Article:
What’s Hot Outdoors: Sustainable, High-Tech
March 9, 2017
Two big selling points for your listings’ outdoor spaces are sustainability and tech friendliness. The American Society of Landscape Architects says those features were the two most popular design elements with outdoor living spaces in ASLA’s 2017 Residential Landscape Architecture Trends Survey. ASLA surveyed 817 landscape architects to determine the popularity of certain outdoor features.
Read more: 6 Top Landscaping Trends for 2017
About 82 percent of landscape architects said that native or adapted drought-tolerant plants were in high demand for projects this year. Nearly 80 percent of respondents also cited low-maintenance landscapes as popular.
More than half of the top 10 projects expected this year included energy-saving, sustainable, or environmentally conscious outdoor additions, such as gardens, irrigation, permeable paving, and reduced lawn area, ASLA notes.
Also, tech connections outdoors are growing more popular. In the first time on the list, wireless internet connections landed at number nine of the top 10 most popular outdoor trends in 2017 on the survey.
“The fact that more consumers want outdoor wireless access shows that they want expanded options for remaining connected to their devices,” says Nancy C. Somerville, executive vice president and CEO of ASLA.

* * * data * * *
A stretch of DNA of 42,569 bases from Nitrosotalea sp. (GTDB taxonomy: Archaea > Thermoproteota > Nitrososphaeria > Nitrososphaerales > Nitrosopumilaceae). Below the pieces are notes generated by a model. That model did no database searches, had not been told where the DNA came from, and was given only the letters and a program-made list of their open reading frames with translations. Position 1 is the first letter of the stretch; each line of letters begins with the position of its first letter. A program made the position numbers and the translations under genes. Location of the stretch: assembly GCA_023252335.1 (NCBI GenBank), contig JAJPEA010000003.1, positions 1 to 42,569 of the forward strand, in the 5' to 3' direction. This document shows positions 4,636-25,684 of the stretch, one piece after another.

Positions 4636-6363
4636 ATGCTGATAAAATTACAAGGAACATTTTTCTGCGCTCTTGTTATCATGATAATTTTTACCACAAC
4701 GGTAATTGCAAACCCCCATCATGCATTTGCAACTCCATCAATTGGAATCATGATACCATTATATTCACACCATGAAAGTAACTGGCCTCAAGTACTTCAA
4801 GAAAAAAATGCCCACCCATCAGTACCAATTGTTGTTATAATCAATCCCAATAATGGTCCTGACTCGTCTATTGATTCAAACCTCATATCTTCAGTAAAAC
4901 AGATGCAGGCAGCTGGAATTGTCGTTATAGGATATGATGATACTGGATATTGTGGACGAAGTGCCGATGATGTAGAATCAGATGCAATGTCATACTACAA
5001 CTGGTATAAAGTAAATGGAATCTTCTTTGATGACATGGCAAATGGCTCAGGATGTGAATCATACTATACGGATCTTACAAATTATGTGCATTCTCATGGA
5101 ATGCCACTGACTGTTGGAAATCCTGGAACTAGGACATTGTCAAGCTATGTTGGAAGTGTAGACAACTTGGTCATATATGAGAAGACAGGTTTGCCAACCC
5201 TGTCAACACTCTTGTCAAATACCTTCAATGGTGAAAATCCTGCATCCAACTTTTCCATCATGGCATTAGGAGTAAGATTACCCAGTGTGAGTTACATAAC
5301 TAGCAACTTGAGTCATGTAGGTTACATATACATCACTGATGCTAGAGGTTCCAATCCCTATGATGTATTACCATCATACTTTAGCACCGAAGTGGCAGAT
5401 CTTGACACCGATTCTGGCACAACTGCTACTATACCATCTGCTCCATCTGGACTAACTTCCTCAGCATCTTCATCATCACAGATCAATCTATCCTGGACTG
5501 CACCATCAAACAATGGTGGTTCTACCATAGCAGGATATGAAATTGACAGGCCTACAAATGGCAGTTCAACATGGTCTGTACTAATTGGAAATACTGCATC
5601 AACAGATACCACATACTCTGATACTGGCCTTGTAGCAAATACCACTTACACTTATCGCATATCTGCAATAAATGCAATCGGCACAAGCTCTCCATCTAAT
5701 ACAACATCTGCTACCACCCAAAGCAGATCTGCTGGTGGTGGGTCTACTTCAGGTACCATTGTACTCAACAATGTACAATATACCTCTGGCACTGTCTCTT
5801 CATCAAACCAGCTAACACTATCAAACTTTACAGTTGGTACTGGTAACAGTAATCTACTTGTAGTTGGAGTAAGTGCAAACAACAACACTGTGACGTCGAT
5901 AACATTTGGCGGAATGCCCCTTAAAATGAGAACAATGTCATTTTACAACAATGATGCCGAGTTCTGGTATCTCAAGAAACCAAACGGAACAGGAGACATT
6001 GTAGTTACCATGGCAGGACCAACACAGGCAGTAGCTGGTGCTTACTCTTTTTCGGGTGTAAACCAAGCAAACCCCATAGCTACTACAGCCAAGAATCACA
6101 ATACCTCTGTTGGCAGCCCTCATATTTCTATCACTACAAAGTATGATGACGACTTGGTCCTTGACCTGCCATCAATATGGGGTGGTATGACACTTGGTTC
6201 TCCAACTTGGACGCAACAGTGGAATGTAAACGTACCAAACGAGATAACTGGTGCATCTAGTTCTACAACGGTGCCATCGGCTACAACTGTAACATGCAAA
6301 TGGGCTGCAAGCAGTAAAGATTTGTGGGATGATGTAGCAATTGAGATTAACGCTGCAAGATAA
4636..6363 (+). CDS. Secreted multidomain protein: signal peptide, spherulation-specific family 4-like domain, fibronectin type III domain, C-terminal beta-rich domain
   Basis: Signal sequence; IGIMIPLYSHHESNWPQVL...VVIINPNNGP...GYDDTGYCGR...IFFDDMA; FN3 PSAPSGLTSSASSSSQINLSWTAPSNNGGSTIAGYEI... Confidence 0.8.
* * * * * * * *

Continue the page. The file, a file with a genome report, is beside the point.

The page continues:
The following were the top outdoor design elements, according to this year’s survey:
• Native/adapted drought tolerant plants – 82.3%
• Native plants – 81.6%
• Low-maintenance landscapes – 79.3%
• Food/vegetable gardens (including orchards, vineyards, etc.) – 76.5%
• Permeable paving – 76.3%
• Reduced lawn area – 72.7%
• Fire pits/fireplaces – 71.5%
• Drip/water-efficient irrigation – 71.1%
• Wireless/internet connectivity – 70.8%
• Rainwater/graywater harvesting – 70.3%
“Well-designed residential landscapes provide social interaction, enjoyment of nature, and physical activity, while also reducing water use and stormwater runoff,” Somerville says.
Source: “Demand for Sustainable, Tech Friendly Residential Landscapes,” American Society of Landscape Architects (March 7, 2017)
Updated: June 22, 2018